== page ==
In order to be an active Green Fins member, the dive centre goes through an assessment of their business operations. Assessors use a robust criteria based on the Code of Conduct to monitor what policies the operation has in place to stop environmental damage. At the end of the assessment, Green Fins Assessors consult with the dive centre management and/ or owners highlighting what is working well and with each member, discussing three action points to help them reduce their environmental impact. This process repeats every year with the aim to increase reef resilience by reducing local threats.

Green fins boat scene

One of the points Fish’n’Fins tackled after their assessment was the removal of the shells displayed in their shop. Whilst shell decorations are common practice in tourism destinations, souvenir and dive shops around the world the marine curios industry has a wide-spread impact. The use of marine life to make decorative and household items, jewelry and souvenirs drives a global industry which involves the large-scale collection of a range of animals. Thousands of types of mollusks are used for their shells, together with corals, sponges, starfish, crustaceans, fish and turtles. There are numerous conservation issues associated with this industry, including over-exploitation and direct habitat damage through irresponsible collection methods.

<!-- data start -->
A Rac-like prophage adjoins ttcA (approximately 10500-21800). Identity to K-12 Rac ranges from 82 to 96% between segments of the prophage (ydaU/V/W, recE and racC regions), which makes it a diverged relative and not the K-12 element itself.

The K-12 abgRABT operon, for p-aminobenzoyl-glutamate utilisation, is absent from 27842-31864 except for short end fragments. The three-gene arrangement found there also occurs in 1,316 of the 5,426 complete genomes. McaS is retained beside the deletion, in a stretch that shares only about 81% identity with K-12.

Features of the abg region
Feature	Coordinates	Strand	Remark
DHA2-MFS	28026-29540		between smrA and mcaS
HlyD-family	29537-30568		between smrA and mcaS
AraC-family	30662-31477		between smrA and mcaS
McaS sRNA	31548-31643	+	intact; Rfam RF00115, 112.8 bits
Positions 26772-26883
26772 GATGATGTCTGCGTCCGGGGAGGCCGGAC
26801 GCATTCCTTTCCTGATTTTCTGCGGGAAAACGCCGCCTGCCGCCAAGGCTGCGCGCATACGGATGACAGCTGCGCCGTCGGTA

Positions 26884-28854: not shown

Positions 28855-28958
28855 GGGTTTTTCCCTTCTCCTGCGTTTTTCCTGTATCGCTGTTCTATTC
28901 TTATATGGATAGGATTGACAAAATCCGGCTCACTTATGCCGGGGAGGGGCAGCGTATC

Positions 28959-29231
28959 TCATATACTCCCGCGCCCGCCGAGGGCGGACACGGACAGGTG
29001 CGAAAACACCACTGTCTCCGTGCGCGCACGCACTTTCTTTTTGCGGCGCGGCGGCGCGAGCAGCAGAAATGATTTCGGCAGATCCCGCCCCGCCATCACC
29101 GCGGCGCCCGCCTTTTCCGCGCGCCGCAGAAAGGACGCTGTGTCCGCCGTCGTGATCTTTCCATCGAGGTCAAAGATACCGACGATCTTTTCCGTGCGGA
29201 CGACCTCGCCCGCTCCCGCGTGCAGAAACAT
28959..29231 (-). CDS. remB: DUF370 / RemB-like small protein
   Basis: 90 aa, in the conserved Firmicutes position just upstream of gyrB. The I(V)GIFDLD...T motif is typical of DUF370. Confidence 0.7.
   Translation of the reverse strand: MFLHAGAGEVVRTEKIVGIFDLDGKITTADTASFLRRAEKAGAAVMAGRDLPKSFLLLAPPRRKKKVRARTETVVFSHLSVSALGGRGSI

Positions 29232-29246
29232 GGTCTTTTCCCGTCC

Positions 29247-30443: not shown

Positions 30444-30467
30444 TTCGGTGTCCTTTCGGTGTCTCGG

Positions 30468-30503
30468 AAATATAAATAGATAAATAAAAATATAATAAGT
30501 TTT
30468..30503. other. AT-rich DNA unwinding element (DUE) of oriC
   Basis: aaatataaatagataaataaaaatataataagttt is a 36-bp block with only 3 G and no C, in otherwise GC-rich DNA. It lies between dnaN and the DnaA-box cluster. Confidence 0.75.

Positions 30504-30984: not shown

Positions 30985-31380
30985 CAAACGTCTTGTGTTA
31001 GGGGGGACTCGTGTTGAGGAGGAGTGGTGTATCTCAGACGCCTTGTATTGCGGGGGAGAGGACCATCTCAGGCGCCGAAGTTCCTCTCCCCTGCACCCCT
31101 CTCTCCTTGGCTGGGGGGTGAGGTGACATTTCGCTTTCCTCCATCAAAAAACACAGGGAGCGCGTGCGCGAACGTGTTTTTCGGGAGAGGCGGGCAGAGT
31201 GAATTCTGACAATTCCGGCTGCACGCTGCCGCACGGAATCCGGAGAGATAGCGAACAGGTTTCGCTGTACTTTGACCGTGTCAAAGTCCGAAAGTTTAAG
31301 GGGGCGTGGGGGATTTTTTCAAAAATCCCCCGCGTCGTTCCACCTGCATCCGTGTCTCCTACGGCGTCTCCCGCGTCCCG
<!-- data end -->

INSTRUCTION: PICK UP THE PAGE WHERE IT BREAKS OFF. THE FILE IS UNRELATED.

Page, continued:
Tova decided to take this as an opportunity to raise awareness and share knowledge with her staff. She decided to make it an ‘event’ by having as many of the staff involved and taking a boat specifically to return the shells to the ocean. Even though at first some of the staff thought it was silly, she felt that by the end everyone left with a deeper and better understanding of how each small action that we take can have a bigger impact. This exemplifies how adopting the Green Fins Code of Conduct can help even some of the best and more environmentally aware business practices take steps to be even better.

By working together and following the Green Fins guidelines, the diving and snorkelling industry will contribute to Palau’s efforts to conserve their natural resources. They are now part of the more than 500 members across South East Asia, the Indian Ocean and now the Pacific! This is just the beginning of Green Fins in Palau and we at The Reef-World Foundation are sure that it will be another success story.